The head of the American Bar Association insurance modernization task force says Congress will insist on “more uniform, more national regulation” in 2009 in the wake of the failure of American International Group Inc.
“I see some form of federal regulation, maybe not in all lines, and in all areas of regulation, but I predict more strict financial regulation of insurers,” says Fran Semaya.
Semaya is a partner in the Philadelphia office of Cozen O’Connor; chair of the Task Force on Federal Involvement in Insurance Regulation Modernization at the ABA, Chicago; and president of the International Association of Insurance Receivers, New York.
Semaya says optional federal charter proposals – proposals to let insurers choose between traditional state regulation and regulation by a new federal entity – tend to be associated with deregulation efforts.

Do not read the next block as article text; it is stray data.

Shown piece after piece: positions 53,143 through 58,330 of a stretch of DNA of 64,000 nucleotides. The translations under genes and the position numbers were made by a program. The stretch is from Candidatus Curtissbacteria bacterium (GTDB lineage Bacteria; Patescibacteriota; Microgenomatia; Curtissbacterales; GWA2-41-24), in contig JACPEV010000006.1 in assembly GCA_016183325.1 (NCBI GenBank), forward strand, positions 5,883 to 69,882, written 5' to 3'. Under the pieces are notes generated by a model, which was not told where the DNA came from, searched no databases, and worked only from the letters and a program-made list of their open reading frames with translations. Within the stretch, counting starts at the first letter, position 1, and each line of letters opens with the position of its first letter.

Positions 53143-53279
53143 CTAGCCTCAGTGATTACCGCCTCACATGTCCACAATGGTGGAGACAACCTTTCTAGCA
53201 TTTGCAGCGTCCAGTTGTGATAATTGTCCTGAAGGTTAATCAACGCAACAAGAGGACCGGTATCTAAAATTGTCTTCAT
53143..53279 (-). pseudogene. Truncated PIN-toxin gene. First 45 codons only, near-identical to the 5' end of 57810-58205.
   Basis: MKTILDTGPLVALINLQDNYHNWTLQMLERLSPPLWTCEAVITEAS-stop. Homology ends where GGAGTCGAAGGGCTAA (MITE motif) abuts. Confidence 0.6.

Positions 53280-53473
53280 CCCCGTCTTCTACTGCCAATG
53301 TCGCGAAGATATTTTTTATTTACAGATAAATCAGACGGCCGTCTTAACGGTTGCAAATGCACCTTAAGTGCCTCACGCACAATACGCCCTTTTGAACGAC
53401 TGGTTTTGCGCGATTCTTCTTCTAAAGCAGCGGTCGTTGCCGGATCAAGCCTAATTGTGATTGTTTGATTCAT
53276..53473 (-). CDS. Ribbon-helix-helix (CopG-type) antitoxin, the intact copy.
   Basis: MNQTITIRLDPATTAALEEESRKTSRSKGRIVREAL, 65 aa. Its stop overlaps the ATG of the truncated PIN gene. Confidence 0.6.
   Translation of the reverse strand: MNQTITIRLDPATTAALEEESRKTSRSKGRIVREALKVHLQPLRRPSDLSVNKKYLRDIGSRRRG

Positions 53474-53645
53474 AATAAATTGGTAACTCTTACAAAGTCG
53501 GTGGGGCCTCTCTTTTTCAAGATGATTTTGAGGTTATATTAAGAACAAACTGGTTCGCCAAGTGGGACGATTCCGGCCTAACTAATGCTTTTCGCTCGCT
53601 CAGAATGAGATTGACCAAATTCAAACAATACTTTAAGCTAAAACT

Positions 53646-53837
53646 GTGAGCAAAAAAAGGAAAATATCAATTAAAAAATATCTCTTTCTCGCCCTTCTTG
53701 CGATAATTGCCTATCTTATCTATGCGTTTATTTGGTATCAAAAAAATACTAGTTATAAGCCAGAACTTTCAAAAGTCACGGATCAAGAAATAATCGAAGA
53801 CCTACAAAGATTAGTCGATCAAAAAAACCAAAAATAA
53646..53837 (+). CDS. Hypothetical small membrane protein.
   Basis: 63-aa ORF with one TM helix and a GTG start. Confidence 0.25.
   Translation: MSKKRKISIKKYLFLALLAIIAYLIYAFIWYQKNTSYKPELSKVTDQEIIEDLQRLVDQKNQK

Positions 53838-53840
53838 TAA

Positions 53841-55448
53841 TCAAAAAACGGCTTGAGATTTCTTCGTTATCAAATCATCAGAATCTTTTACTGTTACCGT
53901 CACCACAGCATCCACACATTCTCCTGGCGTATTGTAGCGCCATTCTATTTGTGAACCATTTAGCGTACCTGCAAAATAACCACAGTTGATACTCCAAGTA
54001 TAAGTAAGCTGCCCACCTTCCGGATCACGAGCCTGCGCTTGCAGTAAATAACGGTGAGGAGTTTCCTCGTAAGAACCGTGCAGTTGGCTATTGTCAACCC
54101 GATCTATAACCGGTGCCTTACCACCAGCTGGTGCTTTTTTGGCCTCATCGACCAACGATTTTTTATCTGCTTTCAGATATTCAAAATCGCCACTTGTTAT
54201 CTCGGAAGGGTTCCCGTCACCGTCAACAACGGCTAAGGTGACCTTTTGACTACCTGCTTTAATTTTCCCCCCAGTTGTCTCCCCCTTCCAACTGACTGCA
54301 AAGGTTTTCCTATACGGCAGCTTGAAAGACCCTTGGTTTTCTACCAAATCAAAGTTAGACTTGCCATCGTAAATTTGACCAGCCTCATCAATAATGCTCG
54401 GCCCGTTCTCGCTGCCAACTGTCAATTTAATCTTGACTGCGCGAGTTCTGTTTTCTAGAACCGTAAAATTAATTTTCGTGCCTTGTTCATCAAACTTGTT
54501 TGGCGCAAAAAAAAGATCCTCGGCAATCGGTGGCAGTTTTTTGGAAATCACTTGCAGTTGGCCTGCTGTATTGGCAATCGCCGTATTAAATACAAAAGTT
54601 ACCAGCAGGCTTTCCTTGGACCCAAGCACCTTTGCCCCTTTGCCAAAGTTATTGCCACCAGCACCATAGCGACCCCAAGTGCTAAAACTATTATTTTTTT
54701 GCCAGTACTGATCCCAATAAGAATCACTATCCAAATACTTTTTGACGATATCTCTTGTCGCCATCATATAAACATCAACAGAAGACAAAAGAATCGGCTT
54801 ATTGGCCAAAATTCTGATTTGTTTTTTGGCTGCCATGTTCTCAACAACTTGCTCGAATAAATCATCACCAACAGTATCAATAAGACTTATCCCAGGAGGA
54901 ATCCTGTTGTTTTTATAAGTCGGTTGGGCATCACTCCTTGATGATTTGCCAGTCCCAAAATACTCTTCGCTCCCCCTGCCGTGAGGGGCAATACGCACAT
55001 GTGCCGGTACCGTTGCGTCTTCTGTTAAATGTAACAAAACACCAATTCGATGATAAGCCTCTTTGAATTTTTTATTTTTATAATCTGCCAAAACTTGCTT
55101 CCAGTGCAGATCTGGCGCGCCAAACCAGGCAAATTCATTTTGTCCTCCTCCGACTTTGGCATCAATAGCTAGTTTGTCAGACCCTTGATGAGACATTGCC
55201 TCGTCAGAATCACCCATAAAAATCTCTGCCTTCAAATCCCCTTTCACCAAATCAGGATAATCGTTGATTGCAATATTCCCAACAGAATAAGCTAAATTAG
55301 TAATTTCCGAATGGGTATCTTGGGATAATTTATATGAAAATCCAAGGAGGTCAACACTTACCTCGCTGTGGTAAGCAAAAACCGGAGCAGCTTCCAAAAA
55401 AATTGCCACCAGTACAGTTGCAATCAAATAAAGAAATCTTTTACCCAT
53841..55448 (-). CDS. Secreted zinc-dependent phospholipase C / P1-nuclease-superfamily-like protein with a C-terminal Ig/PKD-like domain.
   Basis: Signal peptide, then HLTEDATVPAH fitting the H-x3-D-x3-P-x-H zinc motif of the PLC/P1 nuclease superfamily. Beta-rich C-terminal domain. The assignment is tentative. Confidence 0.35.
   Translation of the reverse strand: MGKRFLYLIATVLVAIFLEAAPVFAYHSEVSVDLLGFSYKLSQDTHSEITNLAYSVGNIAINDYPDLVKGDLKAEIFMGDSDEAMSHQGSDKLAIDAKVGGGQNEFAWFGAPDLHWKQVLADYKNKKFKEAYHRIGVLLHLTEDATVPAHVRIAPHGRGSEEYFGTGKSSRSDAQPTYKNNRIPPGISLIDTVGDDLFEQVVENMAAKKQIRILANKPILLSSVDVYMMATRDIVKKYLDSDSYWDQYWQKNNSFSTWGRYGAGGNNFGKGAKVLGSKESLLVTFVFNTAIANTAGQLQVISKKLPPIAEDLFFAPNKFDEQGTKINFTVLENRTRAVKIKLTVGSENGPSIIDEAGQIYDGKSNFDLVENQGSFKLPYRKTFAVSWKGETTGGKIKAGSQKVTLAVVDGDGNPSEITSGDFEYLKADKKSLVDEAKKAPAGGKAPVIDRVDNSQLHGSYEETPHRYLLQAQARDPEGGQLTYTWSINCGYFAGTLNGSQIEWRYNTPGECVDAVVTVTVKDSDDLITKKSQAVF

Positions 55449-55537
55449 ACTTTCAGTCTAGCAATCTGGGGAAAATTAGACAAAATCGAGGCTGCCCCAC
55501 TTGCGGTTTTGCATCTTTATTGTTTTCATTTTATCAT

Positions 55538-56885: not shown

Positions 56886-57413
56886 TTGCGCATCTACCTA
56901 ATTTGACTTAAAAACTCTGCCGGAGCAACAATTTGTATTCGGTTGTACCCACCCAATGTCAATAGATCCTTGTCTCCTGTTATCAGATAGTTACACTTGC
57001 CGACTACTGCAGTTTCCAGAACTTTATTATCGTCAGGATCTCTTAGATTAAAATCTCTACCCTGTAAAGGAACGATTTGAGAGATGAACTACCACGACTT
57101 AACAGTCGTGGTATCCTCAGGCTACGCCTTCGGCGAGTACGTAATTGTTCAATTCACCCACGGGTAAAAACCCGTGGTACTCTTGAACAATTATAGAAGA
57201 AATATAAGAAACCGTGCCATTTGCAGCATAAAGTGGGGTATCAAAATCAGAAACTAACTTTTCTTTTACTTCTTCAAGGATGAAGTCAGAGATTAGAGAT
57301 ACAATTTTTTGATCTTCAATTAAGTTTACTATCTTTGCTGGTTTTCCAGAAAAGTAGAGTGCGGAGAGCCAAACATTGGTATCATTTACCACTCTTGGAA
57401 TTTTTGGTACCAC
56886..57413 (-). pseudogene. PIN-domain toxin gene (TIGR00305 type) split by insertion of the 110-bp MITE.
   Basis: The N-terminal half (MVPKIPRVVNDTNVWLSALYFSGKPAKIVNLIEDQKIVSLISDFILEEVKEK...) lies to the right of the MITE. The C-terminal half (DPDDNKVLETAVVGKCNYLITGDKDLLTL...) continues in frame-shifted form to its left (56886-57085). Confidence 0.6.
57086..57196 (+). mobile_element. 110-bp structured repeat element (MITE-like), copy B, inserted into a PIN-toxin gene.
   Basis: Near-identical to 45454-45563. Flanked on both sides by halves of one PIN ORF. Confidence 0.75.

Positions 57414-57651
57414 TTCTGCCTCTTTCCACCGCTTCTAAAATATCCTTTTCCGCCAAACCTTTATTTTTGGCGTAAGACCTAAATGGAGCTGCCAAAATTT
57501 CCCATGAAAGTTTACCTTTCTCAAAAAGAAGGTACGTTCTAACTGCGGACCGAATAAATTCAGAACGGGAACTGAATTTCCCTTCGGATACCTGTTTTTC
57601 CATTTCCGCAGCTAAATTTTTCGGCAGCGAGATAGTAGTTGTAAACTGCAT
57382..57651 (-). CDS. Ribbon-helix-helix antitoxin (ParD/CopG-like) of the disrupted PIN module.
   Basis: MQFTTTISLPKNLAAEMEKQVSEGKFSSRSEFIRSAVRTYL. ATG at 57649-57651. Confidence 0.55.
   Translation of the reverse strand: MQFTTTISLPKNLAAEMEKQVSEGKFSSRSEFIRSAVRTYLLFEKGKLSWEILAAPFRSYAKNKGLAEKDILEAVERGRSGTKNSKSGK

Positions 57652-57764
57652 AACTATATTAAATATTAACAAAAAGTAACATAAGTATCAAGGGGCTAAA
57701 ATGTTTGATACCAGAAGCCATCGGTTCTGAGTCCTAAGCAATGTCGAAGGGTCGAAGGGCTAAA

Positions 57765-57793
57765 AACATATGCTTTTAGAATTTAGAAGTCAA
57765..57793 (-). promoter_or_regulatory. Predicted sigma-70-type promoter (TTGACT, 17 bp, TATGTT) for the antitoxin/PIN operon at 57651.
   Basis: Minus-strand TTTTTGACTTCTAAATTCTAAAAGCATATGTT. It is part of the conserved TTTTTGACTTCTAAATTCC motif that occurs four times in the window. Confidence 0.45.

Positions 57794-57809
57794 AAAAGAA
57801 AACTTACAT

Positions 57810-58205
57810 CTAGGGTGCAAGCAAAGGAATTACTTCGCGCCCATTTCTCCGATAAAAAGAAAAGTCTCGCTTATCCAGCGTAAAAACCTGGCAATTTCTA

Recent events likely will lead to more regulation, not less, Semaya says.
“I don’t see more deregulation, as in an optional federal charter, but [we] will see more regulation, more than we bargained for,” Semaya says.
Semaya made her comments after attending a hearing of the House Oversight and Government Reform Committee on the recent problems at AIG.
The level of federal involvement in insurance regulation will depend on who is president, with Sen. Barack Obama, D-Ill., supporting more regulation than Sen. John McCain, R-Ariz., would support, Semaya says.
“I think federal regulation will be on top of, rather than an alternative to, state regulation,” she says.